5. Time for reflection. This is one of the greatest gifts of traveling alone. Solitude, quiet, and peace. It can be uncomfortable and lonely at times, but you learn a lot about yourself that way, including how to overcome those feelings.

Disadvantages of Solo Travel

  1. Financial. Alluded to above, it’s more expensive to travel alone, primarily because of the cost of accommodations.
  2. Carrying gear and tools. Even one other person makes a difference, especially when they have the same bike. One tent, stove, and cooking utensils can support more than one, and you can share precious cargo space between bikes.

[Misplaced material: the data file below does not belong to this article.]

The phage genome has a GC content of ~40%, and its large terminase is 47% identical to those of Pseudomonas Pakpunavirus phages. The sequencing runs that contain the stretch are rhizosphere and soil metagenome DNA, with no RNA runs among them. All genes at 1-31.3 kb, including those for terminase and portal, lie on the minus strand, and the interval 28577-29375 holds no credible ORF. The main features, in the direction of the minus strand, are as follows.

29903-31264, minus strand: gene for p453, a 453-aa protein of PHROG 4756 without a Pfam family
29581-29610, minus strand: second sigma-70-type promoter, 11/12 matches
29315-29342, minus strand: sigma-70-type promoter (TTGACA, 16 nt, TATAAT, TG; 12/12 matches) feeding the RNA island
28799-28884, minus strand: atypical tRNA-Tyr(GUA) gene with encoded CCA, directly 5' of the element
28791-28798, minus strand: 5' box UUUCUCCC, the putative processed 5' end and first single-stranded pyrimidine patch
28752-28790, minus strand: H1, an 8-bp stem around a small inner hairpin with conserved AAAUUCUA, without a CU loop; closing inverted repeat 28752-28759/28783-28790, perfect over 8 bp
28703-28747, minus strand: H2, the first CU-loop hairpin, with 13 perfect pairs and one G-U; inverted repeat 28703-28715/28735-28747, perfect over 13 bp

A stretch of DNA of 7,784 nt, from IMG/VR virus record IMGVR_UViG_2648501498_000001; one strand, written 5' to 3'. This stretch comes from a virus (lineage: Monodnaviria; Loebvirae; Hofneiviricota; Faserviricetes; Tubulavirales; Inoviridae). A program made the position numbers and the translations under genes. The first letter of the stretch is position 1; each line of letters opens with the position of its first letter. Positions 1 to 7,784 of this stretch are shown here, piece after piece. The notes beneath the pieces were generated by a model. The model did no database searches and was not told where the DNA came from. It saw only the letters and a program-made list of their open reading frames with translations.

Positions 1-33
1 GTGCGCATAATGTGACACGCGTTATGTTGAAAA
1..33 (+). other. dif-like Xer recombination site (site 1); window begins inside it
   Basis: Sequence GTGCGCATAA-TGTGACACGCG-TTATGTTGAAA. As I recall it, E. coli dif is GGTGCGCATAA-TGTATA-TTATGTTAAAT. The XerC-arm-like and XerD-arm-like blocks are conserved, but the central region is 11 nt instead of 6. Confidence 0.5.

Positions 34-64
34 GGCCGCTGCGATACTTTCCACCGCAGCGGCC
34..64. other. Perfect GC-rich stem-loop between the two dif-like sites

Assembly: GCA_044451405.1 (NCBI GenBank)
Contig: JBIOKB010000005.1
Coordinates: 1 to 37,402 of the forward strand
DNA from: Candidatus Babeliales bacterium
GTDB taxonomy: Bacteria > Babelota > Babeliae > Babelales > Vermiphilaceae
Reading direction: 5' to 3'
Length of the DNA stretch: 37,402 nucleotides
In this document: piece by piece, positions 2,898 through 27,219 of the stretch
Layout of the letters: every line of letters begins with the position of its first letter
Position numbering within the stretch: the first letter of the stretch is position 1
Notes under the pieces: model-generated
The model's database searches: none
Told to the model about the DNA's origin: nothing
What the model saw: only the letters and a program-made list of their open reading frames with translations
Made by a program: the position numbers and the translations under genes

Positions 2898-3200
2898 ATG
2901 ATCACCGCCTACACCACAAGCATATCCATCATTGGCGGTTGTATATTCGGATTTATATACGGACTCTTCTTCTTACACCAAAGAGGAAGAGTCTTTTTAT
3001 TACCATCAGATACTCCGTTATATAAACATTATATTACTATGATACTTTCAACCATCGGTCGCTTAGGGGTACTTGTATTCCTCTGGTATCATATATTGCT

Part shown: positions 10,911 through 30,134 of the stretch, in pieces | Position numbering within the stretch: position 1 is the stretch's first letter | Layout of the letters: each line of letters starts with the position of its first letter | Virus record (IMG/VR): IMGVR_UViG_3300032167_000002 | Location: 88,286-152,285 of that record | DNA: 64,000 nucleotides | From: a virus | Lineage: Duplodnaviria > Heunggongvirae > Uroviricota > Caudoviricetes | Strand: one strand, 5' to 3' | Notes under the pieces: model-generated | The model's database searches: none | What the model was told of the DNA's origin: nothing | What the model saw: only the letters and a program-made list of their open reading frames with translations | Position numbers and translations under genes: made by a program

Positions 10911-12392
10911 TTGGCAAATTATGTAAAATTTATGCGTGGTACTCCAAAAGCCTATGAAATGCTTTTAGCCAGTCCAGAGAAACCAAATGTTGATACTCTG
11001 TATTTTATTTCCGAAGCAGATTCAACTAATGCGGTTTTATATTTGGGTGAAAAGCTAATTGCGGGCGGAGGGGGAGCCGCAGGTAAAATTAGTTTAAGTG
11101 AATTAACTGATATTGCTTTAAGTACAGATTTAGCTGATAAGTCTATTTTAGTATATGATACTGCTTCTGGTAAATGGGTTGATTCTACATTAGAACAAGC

What can you add as a pro or con to either solo or group travel? Post in the comments below!

photo credit: Mexic, Real De Catorce via photopin (license)

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Author, writer, student and motorcycle aficionado Liz Jansen combines her artistic mediums to create stories that inspire readers to embark on their own journey of self-discovery. No helmet or jacket required.

4 Comments on “Pros and Cons of Solo and Group Motorcycle Travel